Competition or Collaboration?

Do you guard your business or collaborate with your market?. Recently, some people noticed on Twitter that I was having conversations with other transcriptionists and transcription company owners. You may also remember that I gave a shout out to Nicole Dean and Arika Lewis of Yummy PLR in this post.

I was asked
• Aren’t they your competition?
• Aren’t you worried they will steal ideas or clients from you?
• You don’t want them taking your marketing strategies do you?

Simple Answers

Technically, yes. They are my “competition.” But if they were going to steal my ideas, clients and marketing materials, they probably wouldn’t put themselves in a position for me to see them do it.

One of the ladies I was having a twitter conversation with is a former employee of mine. She didn’t leave me because of any issues. Only because she had the desire to own her company. Shortly after she went out on her own, CS emailed me asking if I was ok with what she had done. Another lady she had worked for chewed her ear off for having entrepreneurial dreams. To that lady, CS was now the enemy- the dreaded competition.

I’m sure you’ve noticed everyday more and more teleseminars are being recorded. Hundreds, if not thousands of live events are happening. The supply of work for a transcriptionist is only limited by the imagination of the speakers and business owners in world.

Sure we all want more clients, but there is no realistic way for one freelance transcriptionist or even a company with more than 30 transcriptionists like mine to do ALL the work in the market. We can sure try but at some point, quality starts to fail, deadlines don’t get met and stress levels rise. Unrealistic deadlines and expectations promised to a client, will only result in one thing, an unhappy client.

The one thing in the world, I don’t want is an unhappy client. One mad client is worse than no clients.

Pizza Box Competition

You can keep your “competition” fears. The way I see it, business wouldn’t be what it is today if someone hadn’t taken a good idea and elaborated on it.

For example, the pizza box- how many pizza boxes have been in your house this year? In the 1940s, pizzas were put were slid into a thick paperboard-paperbag. They were flimsy and didn’t hold heat in at all. In the 1960s, the corrugated pizza box was developed. The earliest corrugated boxes still required staples or tons of tape. Next came a connected corner “roll-over” box with a paper lock. Pizza Hut, Papa John’s Pizza, and Little Caesars Pizza still use these boxes. These are the ones that if you ever mess up the little tab holding the box together, the whole thing comes apart. Dominos uses a slightly different box that isn’t entirely square to save on materials. It’s also more stable. Now I’m not some kind of pizza box nut. I found most of this information here. Pizza Packaging Overview & History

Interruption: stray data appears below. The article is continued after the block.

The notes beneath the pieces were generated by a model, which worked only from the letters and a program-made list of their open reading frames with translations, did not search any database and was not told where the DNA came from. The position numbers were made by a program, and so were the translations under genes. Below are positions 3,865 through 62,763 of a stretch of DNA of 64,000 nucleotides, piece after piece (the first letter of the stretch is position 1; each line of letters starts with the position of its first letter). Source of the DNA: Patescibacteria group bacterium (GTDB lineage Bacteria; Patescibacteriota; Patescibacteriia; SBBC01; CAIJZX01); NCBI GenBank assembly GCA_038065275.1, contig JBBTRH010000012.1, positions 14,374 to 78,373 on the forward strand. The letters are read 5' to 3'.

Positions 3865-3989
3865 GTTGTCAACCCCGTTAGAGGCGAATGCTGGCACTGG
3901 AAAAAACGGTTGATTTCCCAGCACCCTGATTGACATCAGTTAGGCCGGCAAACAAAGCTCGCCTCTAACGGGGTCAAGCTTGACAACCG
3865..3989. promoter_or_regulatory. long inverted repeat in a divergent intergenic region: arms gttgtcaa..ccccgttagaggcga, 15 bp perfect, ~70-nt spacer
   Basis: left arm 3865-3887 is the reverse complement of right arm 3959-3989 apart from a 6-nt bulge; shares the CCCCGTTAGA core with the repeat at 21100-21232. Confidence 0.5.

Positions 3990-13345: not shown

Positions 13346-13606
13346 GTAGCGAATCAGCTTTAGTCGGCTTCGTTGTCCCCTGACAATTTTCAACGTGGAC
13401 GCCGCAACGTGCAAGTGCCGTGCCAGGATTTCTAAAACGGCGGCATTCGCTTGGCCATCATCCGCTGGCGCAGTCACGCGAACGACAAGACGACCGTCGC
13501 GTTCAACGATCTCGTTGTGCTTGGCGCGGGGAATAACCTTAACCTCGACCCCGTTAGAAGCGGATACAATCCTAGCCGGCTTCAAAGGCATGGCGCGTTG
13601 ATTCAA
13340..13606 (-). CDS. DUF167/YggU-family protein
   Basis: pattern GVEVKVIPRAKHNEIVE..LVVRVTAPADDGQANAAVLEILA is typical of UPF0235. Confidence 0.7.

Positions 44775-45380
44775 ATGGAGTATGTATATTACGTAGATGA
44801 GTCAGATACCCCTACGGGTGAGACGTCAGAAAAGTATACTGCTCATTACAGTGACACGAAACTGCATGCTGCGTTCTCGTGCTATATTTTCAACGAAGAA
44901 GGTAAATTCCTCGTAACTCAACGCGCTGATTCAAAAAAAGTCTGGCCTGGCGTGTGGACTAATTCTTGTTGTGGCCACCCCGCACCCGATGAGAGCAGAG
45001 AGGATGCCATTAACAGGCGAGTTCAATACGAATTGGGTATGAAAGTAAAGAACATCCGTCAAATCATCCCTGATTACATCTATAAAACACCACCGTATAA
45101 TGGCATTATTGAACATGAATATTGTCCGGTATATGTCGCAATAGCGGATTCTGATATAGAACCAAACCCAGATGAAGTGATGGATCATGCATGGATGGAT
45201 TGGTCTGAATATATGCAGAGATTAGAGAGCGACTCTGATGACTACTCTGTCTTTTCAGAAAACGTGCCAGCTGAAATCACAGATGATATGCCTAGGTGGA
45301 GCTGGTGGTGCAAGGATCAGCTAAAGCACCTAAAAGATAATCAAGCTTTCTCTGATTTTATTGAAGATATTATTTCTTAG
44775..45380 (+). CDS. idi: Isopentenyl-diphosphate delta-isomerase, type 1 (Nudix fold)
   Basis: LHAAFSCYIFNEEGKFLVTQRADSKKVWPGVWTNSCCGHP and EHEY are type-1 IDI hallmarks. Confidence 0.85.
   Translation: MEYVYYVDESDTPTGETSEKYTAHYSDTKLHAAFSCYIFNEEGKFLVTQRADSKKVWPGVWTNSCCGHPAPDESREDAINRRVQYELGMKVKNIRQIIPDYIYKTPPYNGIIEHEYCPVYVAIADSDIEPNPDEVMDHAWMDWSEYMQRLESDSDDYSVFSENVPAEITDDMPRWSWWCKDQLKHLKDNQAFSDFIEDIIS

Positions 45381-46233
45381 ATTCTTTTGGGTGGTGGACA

My point is- of all the designs shown, none of them were designed by the same person. If it weren’t for continued efforts, we’d still be carrying soggy pizza in a grocery bag.

Are you backing yourself in a corner?

Even though you see tons of marketing experts everyday, many are booked out several weeks for appointments. If it was as simple as clicking on my home page and stealing my copy, marketers would have gone out of business a long time ago. Writing isn’t something you can just pick up on by stealing. It has to be taught (or outsourced.)

Just as a doctor may present a case in front of his peers for advice, you may need a sounding board or have questions. Your marketing consultant or accountant isn’t going to know anything about how to design a good tarantula cage (insert your niche here.) But Joe’s Tarantula World/website may hold golden information. And they may be a potental client if you can make their design better and keep your skills in your hand. Here is where the student becomes the master.

If you aren’t networking in your market or similar fields, you may be missing out on fantastic opportunities or partnerships. A simple conversation may spark an idea and start a trusted friendship. Stop hiding and start collaborating.

2 thoughts on “Competition or Collaboration?”

  1. Your comments are similar to an article on “Stealth Startups” I read a few days ago. The upshot is staying secret to be competitive mostly means nobody will ever know who you are.

    Business is changing rapidly.

    Now if they would just let the banks fail, the rents would drop, and I could get a real office!

    1. Dave,

      That’s a very good point. By putting up walls, you only lock yourself in- sort of like in Panic Room.

      And you know, some of my competition are also some of my best clients.

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